He might not have quite the same outsized sonic personality as darkly somber stoner Gaslamp Killer, wigged-out space cadet Ras G, or psych-jazz auteur Flying Lotus, but Samiyam has more than proved his credentials as a member of the loose-knit Brainfeeder club. His last full-length, Sam Baker’s Album, was full of loping, head-nod loops rooted in traditionalism but constructed with new toys, boom-bap put through a blunted, modernist filter.
The fact that the followup, Wish You Were Here, is being released on Stones Throw affiliate Leaving Records rather than Fly Lo’s reliable stable is somewhat fitting. From the first sweeping strings of “Pandas”, Wish You Were Here feels even more rooted in hip-hop, particularly the kind generally favored over at Samiyam’s new home. Much of it is far less synth heavy, constructed from samples sourced from dusty basement record collections of psych, jazz and soul.
The more hip-hop heavy vibe is even more pronounced given that, unlike Sam Baker’s Album, Wish You Were Here contains actual rap tracks; three to be precise, two of which feature Sam himself as the master of ceremonies, (Evidence and Alchemist also stop by to lace the beats too). On “Pandas” in particular Samiyam actually makes you wish he would rap more, unusual for a beat-maker making his on-mic debut. He has a sly wit and a conversational style; he’s “auspicious while you wash dishes”, all while “girls blow [him] soft kisses while dreaming of something more explicit”. He manages a fair few quotables in the tracks short couple of minutes.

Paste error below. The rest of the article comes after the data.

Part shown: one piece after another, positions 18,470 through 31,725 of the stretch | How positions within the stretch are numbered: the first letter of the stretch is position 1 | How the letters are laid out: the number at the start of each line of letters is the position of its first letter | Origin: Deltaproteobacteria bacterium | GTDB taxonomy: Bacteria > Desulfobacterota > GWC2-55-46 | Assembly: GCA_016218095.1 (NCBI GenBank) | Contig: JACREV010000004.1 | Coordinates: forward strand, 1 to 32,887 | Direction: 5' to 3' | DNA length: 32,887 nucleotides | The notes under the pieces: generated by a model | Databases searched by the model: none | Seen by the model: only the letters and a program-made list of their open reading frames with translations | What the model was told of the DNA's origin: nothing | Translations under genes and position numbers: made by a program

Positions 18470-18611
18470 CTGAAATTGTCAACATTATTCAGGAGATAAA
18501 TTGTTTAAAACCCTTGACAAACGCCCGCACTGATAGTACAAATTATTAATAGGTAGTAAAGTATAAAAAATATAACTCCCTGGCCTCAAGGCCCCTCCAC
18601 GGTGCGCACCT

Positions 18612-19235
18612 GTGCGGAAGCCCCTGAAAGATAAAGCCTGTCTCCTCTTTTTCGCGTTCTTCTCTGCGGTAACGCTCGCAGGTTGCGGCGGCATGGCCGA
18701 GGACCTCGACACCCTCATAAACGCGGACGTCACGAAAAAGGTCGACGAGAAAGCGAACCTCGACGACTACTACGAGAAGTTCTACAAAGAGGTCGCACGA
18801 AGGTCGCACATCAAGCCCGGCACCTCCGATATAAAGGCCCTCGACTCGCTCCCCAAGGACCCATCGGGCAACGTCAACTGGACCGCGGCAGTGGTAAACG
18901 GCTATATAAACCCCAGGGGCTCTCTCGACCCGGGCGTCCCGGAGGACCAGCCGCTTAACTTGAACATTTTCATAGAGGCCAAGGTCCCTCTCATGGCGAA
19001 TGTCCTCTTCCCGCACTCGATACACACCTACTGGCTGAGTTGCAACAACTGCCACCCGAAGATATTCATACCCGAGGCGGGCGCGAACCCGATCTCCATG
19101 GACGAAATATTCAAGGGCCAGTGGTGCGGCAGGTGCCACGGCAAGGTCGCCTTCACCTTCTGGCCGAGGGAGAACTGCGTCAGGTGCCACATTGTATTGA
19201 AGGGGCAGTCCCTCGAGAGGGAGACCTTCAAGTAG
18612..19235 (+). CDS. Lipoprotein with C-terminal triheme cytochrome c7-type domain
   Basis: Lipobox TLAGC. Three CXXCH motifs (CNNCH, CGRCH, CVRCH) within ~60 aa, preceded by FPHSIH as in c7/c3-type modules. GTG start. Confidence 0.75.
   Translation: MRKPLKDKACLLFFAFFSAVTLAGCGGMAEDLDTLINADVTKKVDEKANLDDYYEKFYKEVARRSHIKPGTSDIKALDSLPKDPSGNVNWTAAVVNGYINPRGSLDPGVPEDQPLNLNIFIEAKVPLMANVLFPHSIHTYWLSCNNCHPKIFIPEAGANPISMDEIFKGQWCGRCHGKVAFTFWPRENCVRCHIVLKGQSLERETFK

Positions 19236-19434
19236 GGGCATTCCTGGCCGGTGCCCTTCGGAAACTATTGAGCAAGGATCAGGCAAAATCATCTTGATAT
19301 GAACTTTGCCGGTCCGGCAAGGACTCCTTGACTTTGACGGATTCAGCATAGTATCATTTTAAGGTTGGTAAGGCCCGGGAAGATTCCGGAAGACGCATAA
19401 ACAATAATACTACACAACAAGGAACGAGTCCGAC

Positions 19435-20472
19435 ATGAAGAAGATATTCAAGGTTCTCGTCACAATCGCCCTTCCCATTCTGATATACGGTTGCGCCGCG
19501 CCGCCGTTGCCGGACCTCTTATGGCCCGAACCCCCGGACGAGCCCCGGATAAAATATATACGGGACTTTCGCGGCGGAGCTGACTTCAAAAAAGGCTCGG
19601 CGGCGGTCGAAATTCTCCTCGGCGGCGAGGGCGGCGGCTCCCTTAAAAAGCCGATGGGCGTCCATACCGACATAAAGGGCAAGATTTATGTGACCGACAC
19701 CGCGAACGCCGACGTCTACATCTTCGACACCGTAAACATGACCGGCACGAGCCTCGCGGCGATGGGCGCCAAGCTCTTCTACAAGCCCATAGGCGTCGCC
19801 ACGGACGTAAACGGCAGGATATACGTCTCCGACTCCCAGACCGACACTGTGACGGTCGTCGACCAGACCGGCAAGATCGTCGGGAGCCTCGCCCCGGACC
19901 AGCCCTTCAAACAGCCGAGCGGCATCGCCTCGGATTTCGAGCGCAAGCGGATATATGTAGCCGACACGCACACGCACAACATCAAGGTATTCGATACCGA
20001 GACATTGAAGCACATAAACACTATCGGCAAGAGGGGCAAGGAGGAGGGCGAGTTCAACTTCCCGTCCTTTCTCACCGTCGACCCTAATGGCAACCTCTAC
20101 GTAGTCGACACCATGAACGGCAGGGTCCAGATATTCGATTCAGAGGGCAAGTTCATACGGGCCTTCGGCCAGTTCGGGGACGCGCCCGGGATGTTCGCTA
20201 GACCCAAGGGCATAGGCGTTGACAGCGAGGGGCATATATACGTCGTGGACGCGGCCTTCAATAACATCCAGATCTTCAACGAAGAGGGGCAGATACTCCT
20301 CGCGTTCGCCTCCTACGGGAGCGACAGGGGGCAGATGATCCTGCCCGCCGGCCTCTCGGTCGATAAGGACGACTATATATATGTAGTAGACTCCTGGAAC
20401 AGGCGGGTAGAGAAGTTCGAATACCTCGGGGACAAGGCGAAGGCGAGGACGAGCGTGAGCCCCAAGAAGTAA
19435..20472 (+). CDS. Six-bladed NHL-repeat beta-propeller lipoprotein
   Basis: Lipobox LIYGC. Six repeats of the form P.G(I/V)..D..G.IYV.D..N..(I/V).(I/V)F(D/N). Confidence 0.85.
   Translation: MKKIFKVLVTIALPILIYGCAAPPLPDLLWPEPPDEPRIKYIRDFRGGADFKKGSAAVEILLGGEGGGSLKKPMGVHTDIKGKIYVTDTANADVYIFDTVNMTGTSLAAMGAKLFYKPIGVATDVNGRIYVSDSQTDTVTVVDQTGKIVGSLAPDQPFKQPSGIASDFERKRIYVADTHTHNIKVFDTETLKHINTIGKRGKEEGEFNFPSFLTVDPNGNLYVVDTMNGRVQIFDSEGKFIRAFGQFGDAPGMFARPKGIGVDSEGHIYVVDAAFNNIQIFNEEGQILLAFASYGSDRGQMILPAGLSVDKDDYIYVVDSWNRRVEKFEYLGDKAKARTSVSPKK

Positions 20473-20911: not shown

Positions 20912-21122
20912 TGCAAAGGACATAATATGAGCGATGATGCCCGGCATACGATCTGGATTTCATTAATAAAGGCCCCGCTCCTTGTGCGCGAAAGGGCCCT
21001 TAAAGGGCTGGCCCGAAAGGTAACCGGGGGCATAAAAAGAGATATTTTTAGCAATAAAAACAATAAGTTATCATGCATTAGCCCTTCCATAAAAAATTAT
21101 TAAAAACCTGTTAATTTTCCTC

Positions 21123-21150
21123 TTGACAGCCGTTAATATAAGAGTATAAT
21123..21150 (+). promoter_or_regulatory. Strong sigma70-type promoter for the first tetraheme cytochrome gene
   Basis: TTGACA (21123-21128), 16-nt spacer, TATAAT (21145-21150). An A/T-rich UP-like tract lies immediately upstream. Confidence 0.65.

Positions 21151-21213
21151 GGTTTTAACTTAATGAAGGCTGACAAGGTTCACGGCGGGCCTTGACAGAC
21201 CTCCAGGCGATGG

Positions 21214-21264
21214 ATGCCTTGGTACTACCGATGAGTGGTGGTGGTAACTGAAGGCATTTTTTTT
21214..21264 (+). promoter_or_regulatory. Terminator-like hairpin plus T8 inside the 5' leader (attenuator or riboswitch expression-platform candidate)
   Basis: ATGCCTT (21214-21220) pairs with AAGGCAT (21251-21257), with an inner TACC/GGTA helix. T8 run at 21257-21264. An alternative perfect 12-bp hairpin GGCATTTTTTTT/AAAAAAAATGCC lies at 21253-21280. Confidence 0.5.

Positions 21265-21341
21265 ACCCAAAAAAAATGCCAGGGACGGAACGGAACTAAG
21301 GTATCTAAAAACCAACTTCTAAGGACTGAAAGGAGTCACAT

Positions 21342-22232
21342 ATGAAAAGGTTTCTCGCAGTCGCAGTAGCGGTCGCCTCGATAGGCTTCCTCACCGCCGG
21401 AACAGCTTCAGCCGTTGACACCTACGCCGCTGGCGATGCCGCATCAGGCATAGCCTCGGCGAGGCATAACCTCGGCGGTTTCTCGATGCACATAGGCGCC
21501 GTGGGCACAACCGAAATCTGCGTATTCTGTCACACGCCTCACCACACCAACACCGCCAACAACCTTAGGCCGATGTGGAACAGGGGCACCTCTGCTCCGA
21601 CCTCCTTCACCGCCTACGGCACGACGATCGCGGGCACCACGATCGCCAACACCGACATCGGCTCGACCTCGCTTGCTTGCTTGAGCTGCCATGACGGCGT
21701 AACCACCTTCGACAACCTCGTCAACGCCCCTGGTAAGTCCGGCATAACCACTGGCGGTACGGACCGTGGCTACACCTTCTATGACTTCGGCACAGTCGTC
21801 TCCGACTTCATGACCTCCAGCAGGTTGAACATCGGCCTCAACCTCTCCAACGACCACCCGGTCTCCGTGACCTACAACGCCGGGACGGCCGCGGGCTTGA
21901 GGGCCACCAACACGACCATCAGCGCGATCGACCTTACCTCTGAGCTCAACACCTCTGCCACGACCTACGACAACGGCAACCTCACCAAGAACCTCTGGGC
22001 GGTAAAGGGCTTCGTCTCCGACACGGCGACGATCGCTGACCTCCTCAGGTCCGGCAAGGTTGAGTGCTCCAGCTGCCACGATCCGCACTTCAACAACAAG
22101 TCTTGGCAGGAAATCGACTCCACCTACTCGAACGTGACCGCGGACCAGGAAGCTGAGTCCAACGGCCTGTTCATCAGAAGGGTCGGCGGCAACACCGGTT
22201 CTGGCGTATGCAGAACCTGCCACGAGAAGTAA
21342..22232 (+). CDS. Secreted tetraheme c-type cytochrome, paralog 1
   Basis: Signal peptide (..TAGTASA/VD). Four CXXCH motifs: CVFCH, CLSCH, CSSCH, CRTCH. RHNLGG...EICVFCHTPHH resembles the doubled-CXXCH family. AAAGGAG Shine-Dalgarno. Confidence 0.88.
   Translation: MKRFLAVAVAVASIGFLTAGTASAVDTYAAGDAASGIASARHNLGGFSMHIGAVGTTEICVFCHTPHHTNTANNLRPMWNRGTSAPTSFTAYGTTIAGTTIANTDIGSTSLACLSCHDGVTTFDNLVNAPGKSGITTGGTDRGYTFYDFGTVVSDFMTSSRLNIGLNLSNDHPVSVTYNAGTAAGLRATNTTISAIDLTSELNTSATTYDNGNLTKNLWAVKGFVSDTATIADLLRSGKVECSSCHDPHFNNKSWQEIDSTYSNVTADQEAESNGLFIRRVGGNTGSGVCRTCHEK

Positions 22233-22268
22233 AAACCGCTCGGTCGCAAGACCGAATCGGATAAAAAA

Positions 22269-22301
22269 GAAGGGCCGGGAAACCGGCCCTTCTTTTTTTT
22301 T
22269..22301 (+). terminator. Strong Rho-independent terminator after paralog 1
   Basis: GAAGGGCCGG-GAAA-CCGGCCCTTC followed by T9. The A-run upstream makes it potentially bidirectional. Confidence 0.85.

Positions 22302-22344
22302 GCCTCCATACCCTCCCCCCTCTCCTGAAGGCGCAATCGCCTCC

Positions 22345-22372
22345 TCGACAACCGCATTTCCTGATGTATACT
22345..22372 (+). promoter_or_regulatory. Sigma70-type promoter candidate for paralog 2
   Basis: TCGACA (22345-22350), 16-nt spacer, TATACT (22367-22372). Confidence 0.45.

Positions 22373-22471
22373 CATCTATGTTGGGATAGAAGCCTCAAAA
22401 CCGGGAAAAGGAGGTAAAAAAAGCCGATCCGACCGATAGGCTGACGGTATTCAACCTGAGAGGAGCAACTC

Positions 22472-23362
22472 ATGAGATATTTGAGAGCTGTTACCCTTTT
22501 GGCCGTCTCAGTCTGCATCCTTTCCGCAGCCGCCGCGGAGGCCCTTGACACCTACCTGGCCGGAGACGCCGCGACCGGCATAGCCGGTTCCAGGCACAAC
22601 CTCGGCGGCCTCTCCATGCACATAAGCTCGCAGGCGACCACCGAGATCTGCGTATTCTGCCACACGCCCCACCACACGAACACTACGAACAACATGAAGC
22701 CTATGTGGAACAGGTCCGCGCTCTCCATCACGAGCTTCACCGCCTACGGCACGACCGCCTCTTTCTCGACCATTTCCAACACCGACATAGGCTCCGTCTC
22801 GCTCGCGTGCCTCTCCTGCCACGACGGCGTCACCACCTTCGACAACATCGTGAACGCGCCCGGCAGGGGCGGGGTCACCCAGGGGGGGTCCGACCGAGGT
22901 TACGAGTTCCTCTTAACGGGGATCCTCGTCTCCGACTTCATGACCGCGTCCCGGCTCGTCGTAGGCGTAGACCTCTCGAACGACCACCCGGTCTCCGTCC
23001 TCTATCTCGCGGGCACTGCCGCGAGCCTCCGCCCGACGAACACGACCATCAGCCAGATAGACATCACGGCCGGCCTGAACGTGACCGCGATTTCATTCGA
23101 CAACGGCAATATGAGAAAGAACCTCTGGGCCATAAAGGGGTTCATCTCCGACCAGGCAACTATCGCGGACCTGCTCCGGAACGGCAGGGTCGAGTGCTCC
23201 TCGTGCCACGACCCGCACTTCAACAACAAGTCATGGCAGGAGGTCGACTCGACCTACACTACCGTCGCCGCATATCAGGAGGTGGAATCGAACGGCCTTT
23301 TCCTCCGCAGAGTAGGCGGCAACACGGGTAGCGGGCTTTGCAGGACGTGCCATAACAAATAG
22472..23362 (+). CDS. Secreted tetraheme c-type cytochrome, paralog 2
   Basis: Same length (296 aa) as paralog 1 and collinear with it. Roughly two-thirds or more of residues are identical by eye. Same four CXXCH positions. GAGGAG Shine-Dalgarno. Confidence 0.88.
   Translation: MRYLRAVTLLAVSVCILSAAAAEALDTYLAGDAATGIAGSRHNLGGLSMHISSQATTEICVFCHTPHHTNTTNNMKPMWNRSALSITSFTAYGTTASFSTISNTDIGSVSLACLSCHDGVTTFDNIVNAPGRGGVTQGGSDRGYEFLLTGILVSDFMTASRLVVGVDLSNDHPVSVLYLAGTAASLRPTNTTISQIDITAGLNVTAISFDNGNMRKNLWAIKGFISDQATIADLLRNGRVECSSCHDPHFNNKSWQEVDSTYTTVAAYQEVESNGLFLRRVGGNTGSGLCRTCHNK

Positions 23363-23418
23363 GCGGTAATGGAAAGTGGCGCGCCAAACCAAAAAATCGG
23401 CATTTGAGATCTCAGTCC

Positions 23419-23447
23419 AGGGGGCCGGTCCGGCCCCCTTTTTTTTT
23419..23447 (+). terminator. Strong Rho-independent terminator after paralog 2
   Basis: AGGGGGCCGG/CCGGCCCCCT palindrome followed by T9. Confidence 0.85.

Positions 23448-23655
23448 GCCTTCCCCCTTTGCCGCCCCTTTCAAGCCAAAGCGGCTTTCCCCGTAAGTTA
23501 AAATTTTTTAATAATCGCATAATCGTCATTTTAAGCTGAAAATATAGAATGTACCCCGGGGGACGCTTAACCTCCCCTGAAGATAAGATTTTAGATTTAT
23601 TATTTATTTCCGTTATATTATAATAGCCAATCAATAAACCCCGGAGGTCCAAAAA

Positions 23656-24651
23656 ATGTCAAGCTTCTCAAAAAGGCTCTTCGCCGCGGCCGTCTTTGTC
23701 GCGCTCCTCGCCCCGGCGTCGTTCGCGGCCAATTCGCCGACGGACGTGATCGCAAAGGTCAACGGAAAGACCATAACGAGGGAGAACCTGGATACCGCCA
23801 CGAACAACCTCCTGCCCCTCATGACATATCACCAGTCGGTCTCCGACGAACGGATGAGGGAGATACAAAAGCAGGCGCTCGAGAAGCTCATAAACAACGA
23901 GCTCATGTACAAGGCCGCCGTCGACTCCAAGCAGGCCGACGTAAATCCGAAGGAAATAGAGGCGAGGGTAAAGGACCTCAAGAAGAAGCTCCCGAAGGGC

If the album’s first few songs make Wish You Were Here feel like a step back in to classicism, though, it’s a little misleading. Right around the watery, narcotic thump of “Dreams (Green Feelings)”, Wish You Were Here starts tugging at the seams keeping it tightly woven and things go a little off the deep end. Disembodied vocals hymn, bass bubbles and drums knock seemingly in a conscious effort to remind listeners that even if this guy is making hip-hop, he’s coming from a realm that some of the most forward thinking electronic music out there calls home. It’s still accessible and indebted even to the golden age shuffle that remains hip-hop’s very core sound, but Samiyam generously seasons his beats with textures and sonics that are all his own.
Given its stylistic variety, it’s something of a surprise that Wish You Were Here feels so much more like an album than what one might call a beat tape. No matter how different they sound, all of the instrumentals share a meditative quality. “This L” and “On A Bad Day” are heavy on the distorted bass and crawl along with a loose swagger, but they feel right at home next to interludes like the gentle, serenely cinematic “Italy” and the drugged out off-time drums and light jazz keys of “Stuff”. Best of all might be the brief, supremely minimal “Wooden Backhand” and “Snakes On The Moon”, which couple percussive yet barely there rhythm with mysterious, lilting, lightly chopped up melodies.
It’s the thoughtful, zen approach to listening that Wish You Were Here encourages that binds the album together, along with a lightness of touch and effervescence fitting of its fantastic cover art. That these two seemingly opposing qualities don’t ultimately end up at odds is its greatest achievement, and what make it one of the best albums of the year to simply kick back, roll up and ponder to.
4.5 out of 5
You can buy Wish You Where Here on Amazon.